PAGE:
20190926_040837144.pdf - acts of risk-taking in traffic such as speeding tailgating not stopping when the traffic light turn red driving too close to

20190926_040837144.pdf - acts of risk-taking in traffic...

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acts of risk-taking in traffic, such as speeding, tailgating, not stopping when the traffic light turn red, driving too close to the car in front, etc. (Rundmo, 1996; Rundmo & Ulleberg, 2000). Only the respondents who possessed a driving license were asked to fill out this part of the questionnaire. The respondents were asked to indicate how often they committed the different acts of risk-taking, ranging from never to very often. A complete list of the behavioural items with their mean score and standard deviation is presented in the Appendix. The respondents with a driving licence were also asked to report how many times they, as a driver, had been involved in a traffic accident. Statistical analysis Confirmatory as well as exploratory factor analyses were carried out to examine the structure of the attitude items. First, confirmatory factor analysis (maximum- likelihood method) was performed to assess how well the original four factor structure of the YDAS fit the data. The covariance matrix of the YDAS was analysed by means of the LISREL 8 Program (Jöreskog & Sörbom, 1993). 105 Paper I: Risk-taking attitudes Thereafter, a principal component analysis (PCA), with varimax rotation, was used to determine the underlying dimensionality of the YDAS items. In order to exclude unreliable items from the YDAS, items with a factor loading below .50 were excluded. The final clusterings of items obtained in the PCA were interpreted to indicate different dimensions of the risk-taking attitudes of the YDAS. Each factor’s theoretical substance was evaluated on the basis of the content of the items clustering on the factor. With the purpose of comparing the fit of the factor structure suggested by Malfetti et al. (1989) and the factor structure suggested by the exploratory PCA, various fit indexes were used: the goodness-of-fit index (GFI), the adjusted goodness-of-fit index (AGFI), the comparative fit index (CFI), the root mean square error of approximation (RMSEA), and the expected cross-validiation index (ECVI). Traditionally, a GFI, an AGFI, and a CFI above .90 have been an agreed-upon cutoff criteria, indicating a close fit between the model and the data (Hoyle and Panter, 1995; Hu & Bentler, 1995; Loehlin, 1998). However, Hu and Bentler (1999) later concluded that the CFI should be close to .95 in order to claim a good fit between the hypothesized model and the observed data. An RMSEA of .05 or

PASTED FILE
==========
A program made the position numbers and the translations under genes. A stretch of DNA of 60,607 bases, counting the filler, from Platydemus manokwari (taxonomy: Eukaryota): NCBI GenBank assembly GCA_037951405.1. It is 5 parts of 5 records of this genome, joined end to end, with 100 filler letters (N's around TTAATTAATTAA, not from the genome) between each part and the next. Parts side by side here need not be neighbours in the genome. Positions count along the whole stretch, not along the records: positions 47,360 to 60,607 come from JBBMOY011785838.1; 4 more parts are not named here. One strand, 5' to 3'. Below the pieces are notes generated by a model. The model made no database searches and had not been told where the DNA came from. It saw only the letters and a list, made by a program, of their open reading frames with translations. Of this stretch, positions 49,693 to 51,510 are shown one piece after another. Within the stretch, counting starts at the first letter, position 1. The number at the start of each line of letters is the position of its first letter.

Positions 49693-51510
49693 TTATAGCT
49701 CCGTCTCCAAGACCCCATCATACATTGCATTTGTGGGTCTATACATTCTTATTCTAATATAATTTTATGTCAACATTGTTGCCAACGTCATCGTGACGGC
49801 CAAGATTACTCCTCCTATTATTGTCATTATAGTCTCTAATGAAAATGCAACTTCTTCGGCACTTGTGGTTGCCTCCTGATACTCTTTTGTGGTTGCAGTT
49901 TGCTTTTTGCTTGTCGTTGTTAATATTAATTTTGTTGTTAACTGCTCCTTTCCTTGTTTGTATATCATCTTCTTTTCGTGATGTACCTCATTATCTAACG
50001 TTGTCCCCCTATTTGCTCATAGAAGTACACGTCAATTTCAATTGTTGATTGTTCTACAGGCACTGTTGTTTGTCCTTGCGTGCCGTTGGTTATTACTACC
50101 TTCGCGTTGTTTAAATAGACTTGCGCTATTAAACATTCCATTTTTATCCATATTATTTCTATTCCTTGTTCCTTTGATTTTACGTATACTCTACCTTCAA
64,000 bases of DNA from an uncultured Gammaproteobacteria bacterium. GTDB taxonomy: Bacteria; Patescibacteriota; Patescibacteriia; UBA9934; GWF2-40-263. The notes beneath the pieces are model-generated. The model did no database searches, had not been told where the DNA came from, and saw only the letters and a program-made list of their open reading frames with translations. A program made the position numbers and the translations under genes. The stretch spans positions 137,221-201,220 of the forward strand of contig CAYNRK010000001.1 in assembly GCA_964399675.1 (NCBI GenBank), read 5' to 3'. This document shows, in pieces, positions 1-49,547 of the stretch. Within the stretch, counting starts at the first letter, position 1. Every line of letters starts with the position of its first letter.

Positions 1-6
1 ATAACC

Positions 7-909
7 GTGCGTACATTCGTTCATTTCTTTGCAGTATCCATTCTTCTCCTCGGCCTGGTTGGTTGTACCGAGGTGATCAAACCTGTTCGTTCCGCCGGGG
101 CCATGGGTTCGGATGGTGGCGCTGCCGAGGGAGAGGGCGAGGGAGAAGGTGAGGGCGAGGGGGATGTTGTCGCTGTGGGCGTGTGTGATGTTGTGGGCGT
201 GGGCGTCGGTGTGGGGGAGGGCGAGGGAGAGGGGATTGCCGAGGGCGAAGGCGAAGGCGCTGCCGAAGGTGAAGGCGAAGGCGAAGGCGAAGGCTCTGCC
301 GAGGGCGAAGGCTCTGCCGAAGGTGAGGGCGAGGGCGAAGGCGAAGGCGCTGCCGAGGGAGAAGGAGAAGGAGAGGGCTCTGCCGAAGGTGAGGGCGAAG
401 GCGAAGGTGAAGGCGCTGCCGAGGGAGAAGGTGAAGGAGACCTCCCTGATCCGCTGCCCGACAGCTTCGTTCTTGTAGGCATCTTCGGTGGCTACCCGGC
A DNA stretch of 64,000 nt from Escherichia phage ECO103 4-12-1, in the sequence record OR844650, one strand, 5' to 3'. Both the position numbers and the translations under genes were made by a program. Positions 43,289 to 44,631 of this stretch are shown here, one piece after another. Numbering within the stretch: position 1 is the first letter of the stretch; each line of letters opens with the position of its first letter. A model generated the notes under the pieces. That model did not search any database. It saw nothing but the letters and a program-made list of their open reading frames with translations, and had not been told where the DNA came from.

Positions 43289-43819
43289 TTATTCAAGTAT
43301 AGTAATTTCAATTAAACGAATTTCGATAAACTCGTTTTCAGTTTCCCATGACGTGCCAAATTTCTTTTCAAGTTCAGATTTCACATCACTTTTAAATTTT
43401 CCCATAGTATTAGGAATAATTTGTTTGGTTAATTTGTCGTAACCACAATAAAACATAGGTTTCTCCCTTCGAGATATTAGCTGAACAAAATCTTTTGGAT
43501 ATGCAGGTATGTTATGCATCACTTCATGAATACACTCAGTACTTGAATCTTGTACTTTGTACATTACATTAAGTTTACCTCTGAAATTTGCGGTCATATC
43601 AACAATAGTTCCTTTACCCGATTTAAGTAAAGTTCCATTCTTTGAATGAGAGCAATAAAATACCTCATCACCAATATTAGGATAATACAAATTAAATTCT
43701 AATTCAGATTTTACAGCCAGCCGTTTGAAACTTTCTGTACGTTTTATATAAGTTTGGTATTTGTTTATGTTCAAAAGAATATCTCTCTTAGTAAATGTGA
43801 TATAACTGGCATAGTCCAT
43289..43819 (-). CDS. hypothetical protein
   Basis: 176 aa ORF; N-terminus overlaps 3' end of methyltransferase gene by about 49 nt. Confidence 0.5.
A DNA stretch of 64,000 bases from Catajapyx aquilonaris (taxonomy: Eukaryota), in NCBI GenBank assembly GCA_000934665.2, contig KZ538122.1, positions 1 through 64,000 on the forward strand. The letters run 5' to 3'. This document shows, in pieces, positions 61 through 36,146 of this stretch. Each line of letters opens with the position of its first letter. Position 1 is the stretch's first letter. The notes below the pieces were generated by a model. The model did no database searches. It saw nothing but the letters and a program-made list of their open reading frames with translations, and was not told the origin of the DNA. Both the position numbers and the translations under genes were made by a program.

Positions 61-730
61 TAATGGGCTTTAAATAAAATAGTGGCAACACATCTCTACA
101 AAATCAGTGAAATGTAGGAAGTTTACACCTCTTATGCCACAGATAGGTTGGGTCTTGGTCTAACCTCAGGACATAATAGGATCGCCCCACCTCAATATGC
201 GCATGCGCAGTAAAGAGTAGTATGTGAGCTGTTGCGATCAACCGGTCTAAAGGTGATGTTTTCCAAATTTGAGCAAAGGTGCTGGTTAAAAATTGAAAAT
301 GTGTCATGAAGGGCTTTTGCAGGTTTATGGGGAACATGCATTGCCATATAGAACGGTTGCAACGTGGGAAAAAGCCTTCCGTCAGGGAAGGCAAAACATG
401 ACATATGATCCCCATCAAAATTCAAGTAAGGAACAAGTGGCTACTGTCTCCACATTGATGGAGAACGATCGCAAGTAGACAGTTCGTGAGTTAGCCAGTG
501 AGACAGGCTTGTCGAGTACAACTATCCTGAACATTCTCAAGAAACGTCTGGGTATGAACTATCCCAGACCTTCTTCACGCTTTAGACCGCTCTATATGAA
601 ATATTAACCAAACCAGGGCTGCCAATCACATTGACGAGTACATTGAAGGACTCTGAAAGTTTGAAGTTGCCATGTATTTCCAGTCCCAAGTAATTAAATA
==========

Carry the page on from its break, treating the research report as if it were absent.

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  • Fall '15
  • YDAS

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